Sanctions against Russia are once again being discredited, Orbán’s meeting with Putin garners support from pro-Russian actors
- While Putin and Orbán's recent meeting in Beijing drew criticism from European leaders, disinformers have been actively propagating Orbán's actions. They praise Orbán's politics and his supposed intention to ensure “peace”.
- Slovak politicians’ stance on foreign policy, portraying it as sovereign and impartial, is being actively discussed. The new government oppose military aid to Ukraine, emphasising the need for negotiation to achieve peace, while completely ignoring the dynamic of the conflict.
- Debates regarding sanctions against Russia in Slovakia have attracted pro-Kremlin actors who claim that sanctions are non-functioning and hurt Europe more than Russia. This narrative aligns with the talking points of pro-Kremlin propaganda.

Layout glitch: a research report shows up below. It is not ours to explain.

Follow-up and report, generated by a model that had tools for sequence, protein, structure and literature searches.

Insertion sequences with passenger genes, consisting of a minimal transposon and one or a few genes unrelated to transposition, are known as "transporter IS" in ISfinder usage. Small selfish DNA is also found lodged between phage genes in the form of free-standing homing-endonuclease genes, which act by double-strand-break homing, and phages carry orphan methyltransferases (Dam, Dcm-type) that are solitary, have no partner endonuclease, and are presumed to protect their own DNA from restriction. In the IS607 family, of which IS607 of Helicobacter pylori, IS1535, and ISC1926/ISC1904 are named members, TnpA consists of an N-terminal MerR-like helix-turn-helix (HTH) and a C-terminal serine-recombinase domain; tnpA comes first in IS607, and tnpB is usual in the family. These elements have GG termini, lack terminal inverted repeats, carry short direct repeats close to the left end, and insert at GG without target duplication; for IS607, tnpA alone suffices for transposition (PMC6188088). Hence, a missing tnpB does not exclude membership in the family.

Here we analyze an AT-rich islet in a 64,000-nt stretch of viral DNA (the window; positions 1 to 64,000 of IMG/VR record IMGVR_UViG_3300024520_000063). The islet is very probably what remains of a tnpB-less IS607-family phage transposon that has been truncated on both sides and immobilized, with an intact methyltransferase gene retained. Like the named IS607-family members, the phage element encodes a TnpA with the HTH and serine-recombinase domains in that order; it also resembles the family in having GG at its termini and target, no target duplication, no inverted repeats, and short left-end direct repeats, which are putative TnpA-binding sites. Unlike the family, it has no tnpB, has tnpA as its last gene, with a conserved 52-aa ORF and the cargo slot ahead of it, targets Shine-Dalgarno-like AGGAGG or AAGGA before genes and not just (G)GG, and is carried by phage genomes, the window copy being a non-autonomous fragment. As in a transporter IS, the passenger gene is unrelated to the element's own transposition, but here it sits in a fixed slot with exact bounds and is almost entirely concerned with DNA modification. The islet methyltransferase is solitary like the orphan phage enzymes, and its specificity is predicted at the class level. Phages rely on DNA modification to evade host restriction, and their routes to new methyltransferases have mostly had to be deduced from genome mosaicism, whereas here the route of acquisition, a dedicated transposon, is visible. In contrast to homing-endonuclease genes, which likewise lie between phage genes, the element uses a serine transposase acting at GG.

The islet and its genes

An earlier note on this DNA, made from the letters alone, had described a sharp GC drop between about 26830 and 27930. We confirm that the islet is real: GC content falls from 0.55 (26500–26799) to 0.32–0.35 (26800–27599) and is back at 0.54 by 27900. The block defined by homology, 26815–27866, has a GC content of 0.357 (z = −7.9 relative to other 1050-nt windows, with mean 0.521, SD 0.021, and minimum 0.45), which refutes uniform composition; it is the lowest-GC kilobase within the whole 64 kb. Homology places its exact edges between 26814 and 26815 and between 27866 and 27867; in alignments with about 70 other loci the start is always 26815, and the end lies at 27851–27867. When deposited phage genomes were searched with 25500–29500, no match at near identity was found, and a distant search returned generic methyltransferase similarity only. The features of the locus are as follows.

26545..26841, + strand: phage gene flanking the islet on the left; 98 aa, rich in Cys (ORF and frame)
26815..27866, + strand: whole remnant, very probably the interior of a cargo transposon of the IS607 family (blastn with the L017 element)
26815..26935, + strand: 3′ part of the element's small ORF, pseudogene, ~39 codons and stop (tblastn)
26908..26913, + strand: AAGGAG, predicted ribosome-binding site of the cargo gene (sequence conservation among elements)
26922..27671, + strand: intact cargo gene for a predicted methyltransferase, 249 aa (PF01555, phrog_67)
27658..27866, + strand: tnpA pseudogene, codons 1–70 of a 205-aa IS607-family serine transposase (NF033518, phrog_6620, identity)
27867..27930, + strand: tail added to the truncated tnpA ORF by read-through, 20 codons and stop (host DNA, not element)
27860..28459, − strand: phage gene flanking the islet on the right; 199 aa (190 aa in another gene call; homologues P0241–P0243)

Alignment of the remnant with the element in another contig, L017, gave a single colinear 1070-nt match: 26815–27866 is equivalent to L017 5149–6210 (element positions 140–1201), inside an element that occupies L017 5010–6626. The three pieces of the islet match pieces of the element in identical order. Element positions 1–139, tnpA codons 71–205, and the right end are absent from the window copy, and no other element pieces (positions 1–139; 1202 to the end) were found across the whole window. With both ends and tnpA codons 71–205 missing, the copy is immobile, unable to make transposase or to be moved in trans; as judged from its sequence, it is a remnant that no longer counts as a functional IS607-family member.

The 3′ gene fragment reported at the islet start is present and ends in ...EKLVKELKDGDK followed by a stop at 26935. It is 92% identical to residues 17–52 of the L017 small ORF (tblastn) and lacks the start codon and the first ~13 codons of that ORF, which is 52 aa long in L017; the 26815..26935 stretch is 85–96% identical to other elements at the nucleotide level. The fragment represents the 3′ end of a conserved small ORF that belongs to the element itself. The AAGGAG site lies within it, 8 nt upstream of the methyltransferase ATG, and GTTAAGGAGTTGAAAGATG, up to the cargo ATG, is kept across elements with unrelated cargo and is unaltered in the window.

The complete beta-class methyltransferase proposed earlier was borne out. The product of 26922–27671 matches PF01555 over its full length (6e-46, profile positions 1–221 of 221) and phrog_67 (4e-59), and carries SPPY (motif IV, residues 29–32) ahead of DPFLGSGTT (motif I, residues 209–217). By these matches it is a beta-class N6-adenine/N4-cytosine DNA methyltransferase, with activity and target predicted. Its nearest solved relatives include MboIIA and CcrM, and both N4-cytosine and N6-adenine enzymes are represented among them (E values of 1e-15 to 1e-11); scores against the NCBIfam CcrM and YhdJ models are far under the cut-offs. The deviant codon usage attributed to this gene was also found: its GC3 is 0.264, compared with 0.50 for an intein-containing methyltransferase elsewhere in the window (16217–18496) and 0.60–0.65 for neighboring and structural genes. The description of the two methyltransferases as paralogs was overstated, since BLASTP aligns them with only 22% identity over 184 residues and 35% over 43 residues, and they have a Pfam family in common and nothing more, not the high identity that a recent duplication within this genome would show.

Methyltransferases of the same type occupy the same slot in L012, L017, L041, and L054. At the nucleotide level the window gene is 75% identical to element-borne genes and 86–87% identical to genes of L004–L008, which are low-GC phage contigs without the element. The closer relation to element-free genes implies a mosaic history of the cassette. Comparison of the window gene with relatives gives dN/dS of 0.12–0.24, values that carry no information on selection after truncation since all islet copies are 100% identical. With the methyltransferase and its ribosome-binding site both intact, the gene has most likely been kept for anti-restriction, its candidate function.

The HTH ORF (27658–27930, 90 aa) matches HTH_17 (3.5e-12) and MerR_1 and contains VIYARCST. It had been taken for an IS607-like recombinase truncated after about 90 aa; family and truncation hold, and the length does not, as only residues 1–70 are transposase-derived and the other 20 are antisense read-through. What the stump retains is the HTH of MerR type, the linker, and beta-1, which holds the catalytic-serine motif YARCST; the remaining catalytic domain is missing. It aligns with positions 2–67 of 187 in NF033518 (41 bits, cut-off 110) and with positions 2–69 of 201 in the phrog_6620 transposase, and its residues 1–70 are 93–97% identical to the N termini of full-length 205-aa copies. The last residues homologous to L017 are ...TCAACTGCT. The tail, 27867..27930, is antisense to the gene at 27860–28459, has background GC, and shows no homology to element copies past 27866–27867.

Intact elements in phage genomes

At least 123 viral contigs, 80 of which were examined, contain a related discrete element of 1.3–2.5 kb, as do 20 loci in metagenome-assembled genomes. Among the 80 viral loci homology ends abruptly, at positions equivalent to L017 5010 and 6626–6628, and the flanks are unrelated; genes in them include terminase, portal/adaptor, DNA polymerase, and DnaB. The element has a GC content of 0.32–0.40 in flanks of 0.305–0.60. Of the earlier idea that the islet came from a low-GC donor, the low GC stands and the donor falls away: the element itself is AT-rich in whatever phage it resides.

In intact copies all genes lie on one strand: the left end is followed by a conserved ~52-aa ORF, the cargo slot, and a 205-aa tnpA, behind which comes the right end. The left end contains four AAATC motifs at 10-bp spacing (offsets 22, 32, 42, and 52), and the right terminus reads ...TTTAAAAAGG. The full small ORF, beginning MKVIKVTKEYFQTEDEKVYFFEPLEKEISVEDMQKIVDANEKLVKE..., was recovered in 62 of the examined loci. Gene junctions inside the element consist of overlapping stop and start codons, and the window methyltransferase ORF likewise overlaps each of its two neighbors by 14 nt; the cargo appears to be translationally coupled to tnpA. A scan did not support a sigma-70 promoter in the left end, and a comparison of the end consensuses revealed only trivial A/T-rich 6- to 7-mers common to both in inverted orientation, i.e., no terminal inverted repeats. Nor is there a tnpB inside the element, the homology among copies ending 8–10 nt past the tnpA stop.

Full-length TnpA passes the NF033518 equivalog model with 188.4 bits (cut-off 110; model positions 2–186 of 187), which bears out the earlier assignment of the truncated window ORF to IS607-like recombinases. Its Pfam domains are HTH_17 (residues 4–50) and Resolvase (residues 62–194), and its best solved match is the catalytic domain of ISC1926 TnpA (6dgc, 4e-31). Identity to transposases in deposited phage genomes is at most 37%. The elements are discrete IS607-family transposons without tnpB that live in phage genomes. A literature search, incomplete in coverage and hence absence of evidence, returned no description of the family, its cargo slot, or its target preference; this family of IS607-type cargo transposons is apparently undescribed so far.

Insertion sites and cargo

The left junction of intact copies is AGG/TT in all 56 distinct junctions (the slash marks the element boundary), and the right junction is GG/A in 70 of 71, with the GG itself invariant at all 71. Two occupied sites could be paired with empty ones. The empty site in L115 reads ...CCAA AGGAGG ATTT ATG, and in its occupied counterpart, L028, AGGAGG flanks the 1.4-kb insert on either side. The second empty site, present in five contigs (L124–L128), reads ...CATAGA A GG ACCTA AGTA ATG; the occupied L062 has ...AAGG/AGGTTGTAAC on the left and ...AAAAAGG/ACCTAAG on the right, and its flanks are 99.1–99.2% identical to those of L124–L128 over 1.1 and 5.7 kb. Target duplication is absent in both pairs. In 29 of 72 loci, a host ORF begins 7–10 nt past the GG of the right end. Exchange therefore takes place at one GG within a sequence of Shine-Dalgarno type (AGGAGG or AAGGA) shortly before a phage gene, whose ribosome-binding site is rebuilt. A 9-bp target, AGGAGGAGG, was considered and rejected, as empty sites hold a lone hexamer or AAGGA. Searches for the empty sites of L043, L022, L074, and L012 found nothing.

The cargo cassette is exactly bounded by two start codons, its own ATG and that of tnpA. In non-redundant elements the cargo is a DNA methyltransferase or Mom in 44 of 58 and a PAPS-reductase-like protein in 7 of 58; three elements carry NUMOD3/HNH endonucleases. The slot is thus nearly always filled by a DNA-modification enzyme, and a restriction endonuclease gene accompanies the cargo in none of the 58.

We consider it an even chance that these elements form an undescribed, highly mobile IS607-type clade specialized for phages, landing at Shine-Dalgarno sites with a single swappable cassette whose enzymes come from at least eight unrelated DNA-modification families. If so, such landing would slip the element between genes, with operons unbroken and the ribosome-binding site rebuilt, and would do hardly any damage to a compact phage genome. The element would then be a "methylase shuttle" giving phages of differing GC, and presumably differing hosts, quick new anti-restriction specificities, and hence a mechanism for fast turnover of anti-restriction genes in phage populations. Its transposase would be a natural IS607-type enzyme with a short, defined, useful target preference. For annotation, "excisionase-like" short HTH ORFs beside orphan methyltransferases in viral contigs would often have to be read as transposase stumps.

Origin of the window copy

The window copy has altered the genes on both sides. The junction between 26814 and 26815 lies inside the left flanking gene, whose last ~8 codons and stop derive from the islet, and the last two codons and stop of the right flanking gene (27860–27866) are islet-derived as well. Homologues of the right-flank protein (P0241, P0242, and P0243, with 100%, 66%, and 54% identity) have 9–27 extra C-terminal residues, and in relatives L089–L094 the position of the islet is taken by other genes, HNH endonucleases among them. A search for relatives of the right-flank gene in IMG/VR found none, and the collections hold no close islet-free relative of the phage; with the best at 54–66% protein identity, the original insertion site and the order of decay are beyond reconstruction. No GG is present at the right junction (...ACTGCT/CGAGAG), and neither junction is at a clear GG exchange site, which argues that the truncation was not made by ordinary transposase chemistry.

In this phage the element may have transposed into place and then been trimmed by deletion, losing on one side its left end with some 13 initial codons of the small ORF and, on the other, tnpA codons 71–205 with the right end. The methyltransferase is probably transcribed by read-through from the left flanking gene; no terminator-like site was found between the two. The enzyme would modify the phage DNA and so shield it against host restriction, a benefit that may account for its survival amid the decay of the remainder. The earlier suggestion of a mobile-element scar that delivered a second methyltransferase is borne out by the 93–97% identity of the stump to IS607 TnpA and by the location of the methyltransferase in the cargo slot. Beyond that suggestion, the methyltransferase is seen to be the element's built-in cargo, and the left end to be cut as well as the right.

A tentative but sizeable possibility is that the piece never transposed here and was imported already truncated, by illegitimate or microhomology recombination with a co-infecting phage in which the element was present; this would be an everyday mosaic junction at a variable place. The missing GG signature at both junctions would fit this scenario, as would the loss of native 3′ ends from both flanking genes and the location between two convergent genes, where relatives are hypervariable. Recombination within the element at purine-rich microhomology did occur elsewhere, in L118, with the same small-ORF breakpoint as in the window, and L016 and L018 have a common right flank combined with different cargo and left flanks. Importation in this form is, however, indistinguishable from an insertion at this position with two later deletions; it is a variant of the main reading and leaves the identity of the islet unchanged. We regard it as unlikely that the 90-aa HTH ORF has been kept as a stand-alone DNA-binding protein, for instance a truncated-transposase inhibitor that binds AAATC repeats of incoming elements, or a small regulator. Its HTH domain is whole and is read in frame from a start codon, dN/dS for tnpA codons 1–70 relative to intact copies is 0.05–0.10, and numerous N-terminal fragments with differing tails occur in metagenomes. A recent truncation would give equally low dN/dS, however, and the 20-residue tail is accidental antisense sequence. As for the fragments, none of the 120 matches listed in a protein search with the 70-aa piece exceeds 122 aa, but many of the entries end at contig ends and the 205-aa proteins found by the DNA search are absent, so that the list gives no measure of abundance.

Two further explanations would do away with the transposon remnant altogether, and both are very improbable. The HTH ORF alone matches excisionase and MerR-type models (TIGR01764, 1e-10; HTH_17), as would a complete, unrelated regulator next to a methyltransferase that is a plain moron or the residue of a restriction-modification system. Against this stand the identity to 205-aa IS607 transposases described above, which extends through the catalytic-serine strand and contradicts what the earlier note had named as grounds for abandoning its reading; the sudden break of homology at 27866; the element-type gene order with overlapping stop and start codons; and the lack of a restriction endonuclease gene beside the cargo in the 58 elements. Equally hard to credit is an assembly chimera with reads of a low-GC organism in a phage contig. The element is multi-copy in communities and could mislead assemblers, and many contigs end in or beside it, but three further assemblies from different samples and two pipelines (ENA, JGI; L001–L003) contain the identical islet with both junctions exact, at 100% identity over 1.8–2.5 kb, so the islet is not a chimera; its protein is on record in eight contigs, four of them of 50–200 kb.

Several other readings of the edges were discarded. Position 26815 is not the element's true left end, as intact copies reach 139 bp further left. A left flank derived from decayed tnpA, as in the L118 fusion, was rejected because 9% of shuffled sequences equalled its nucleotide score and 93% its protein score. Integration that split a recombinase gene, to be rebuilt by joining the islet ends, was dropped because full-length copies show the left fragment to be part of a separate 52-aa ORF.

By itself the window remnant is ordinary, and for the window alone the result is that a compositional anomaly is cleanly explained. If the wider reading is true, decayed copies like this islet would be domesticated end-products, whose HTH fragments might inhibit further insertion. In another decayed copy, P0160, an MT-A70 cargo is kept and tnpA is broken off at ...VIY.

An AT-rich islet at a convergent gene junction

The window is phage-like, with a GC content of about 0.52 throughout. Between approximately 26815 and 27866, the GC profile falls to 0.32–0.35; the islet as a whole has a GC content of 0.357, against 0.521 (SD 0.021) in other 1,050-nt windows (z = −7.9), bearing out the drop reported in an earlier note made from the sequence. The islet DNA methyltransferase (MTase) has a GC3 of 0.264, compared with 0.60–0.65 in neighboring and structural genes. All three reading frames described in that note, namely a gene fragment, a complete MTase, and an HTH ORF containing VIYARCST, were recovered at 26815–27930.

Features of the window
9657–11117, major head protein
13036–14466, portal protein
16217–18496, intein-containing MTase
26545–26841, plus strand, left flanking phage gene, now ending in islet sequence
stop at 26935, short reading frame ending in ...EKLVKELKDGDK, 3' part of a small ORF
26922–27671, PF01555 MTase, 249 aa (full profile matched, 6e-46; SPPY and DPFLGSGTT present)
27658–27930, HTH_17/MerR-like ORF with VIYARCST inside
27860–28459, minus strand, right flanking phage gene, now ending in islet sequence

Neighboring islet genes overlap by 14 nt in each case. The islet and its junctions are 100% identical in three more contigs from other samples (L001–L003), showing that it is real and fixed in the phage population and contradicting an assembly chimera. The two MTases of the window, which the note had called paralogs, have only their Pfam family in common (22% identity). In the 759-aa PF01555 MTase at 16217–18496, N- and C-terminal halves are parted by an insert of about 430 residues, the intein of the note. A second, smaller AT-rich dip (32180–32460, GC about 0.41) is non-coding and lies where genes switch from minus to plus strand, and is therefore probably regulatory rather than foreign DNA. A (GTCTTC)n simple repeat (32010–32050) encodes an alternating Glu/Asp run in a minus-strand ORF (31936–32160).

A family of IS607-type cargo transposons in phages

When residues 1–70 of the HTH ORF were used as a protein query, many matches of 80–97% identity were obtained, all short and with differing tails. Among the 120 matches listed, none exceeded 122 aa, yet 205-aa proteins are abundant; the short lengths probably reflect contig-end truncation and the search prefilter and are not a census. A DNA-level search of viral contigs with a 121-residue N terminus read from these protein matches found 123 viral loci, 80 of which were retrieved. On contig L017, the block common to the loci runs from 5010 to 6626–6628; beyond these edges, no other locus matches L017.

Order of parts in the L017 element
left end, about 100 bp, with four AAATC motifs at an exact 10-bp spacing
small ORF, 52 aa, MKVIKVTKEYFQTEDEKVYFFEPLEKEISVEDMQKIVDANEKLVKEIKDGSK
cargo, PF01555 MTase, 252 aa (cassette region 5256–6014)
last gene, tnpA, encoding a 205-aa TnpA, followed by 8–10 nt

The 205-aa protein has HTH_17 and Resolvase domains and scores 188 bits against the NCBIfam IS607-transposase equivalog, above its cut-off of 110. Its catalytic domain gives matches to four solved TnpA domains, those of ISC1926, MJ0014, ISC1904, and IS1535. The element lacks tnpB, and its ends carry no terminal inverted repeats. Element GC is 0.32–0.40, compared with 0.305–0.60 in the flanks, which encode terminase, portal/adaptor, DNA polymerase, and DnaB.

The meeting of Orbán and Putin is being praised by disinformers
Almost two weeks ago, Russian President Vladimir Putin met Hungarian Prime Minister Viktor Orbán on the sidelines of the Belt and Road Forum in Beijing. The two politicians shook hands – this was the first photographed handshake between the Russian president and an EU member state leader since Moscow's full-scale invasion of Ukraine in February 2022.
During the meeting, Putin stated that despite current geopolitical conditions, Russia has managed to maintain and strengthen ties with many European countries, including Hungary. In return, Orbán noted that Hungary has never sought to confront Russia and expressed his willingness to expand mutual communication.
This move has since been criticised by other European political leaders, with Luxembourg’s Prime Minister calling the handshake “a middle finger to all Ukrainians” or the Lithuanian President calling out Orbán for “flirting” with Russia. However, the warm ties with Putin, which the Hungarian Prime Minister continues despite the Russian aggression in Ukraine, have still managed to garner support. Slovak actors who continuously publish pro-Russian content praised Orbán for his politics and supposed intention to assure peace.